We report new O isotopic data on 41 presolar oxide grains, 38 MgAl 2O4 (spinel) and 3 Al2O3 from the CM2 meteorite Murray, identified with a recently developed automated measurement system for NanoSIMS. We have also obtained Mg-Al isotopic results on 29 of the same grains (26 spinel and 3 Al2O3). The majority of the grains have O isotopic compositions typical of most presolar oxides, fall well into the four previously defined groups, and are most likely condensates from either red giant branch or asymptotic giant branch stars. We have also discovered several grains with more unusual O and Mg compositions suggesting formation in extreme astrophysical environments, such as novae and supernovae (SNe). One of these grains has massive enrichments in 17O, 25Mg, and 26Mg, which are isotopic signatures indicative of condensation from nova ejecta. Two grains of SN origin were also discovered: one has a large 18O/16O ratio typical of Group 4 presolar oxides; another grain is substantially enriched in 16O, and also contains radiogenic 44Ca from the decay of 44Ti, a likely condensate from material originating in the O-rich inner zones of a Type II SN. In addition, several Group 2 presolar spinel grains also have large 25Mg and 26Mg isotopic anomalies that are difficult to explain by standard nucleosynthesis in low-mass stars. Auger elemental spectral analyses were performed on the grains and qualitatively suggest that presolar spinel may not have higher-than-stoichiometric Al/Mg ratios, in contrast to SIMS results obtained here and reported previously. © 2010. The American Astronomical Society. All rights reserved.
Cameca | Date: 2010-01-29
An achromatic magnetic mass spectrometer, for example of the SIMS type with double focusing, comprises means for canceling the four aberrations of the second order, and means for canceling the off-axis achromatism and for modulating the dispersion in mass.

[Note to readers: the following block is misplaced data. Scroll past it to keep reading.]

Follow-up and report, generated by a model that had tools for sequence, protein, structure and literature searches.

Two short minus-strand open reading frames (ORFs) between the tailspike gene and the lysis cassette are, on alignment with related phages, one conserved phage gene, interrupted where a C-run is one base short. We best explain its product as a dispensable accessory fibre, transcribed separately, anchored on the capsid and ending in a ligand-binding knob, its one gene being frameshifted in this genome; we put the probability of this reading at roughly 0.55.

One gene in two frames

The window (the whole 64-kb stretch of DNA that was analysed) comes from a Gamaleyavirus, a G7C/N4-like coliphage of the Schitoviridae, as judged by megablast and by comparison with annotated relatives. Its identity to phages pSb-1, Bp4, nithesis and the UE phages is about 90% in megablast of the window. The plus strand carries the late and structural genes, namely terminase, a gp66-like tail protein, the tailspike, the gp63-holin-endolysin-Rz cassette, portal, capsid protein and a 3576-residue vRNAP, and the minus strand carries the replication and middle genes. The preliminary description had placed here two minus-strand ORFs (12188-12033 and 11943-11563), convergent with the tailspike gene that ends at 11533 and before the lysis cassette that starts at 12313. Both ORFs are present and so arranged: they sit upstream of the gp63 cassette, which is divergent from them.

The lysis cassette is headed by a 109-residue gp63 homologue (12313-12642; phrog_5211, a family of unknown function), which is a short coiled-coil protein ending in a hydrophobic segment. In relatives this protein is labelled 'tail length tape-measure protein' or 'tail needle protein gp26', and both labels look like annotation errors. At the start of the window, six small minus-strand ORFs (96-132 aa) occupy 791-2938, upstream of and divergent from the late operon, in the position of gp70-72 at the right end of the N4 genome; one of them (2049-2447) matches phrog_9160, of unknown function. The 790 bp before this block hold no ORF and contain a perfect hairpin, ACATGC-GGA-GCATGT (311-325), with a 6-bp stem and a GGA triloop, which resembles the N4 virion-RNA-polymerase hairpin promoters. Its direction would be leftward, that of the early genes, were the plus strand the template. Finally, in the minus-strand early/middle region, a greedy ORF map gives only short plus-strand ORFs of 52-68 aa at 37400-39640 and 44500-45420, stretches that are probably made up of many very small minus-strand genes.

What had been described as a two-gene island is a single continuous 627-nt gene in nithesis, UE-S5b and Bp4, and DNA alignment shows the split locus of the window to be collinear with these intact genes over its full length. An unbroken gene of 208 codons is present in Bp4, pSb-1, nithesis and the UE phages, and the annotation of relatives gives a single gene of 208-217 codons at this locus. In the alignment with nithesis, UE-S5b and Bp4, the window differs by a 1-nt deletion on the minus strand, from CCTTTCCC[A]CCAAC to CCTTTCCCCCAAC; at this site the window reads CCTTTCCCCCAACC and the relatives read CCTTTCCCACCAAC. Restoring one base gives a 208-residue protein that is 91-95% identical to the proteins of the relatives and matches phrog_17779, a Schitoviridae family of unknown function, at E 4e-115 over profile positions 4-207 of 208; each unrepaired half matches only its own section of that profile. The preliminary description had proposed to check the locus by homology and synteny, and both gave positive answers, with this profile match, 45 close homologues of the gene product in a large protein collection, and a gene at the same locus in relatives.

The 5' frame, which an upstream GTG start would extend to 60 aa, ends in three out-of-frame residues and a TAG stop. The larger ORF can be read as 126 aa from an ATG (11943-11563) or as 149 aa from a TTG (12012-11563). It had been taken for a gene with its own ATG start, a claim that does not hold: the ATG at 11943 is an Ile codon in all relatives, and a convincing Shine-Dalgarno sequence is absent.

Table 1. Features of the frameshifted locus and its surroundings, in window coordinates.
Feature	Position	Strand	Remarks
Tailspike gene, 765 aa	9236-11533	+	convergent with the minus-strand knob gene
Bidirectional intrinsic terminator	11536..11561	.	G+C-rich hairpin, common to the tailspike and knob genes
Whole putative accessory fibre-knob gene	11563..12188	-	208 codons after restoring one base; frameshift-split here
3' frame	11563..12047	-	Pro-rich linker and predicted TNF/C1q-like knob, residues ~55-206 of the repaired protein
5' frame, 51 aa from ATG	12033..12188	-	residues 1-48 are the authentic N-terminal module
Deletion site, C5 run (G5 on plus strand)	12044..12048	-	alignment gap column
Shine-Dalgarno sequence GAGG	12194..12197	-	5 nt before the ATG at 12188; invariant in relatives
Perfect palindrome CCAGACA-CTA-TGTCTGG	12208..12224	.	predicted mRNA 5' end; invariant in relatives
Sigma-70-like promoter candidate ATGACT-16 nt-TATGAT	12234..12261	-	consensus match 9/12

Cameca | Date: 2010-02-12
A mass analysis device with wide angular acceptance, notably of the mass spectrometer or atom probe microscope type, includes means for receiving a sample, means for extracting ions from the surface of the sample, and a reflectron producing a torroidal electrostatic field whose equipotential lines are defined by a first curvature in a first direction and a first center of curvature, and a second curvature in a second direction perpendicular to the first direction and a second center of curvature, the sample being positioned close to the first center of curvature.
Agency: European Commission | Branch: H2020 | Program: ECSEL-RIA | Phase: ECSEL-06-2015 | Award Amount: 23.11M | Year: 2016
The objective of the 3DAM project is to develop a new generation of metrology and characterization tools and methodologies enabling the development of the next semiconductor technology nodes. As nano-electronics technology is moving beyond the boundaries of (strained) silicon in planar or finFETs, new 3D device architectures and new materials bring major metrology and characterization challenges which cannot be met by pushing the present techniques to their limits. 3DAM will be a path-finding project which supports and complements several existing and future ECSEL pilot-line projects and is linked to the MASP area 7.1 (subsection More Moore). Innovative demonstrators and methodologies will be built and evaluated within the themes of metrology and characterization of 3D device architectures and new materials, across the full IC manufacturing cycle from Front to Back-End-Of-Line. 3D structural metrology and defect analysis techniques will be developed and correlated to address challenges around 3D CD, strain and crystal defects at the nm scale. 3D compositional analysis and electrical properties will be investigated with special attention to interfaces, alloys and 2D materials. The project will develop new workflows combining different technologies for more reliable and faster results; fit for use in future semiconductor processes. The consortium includes major European semiconductor equipment companies in the area of metrology and characterization. The link to future needs of the industry, as well as critical evaluation of concepts and demonstrators, is ensured by the participation of IMEC and LETI. The project will directly increase the competitiveness of the strong Europe-based semiconductor Equipment industry. Closely connected European IC manufacturers will benefit by accelerated R&D and process ramp-up. The project will generate technologies essential for future semiconductor processes and for the applications enabled by the new technology nodes.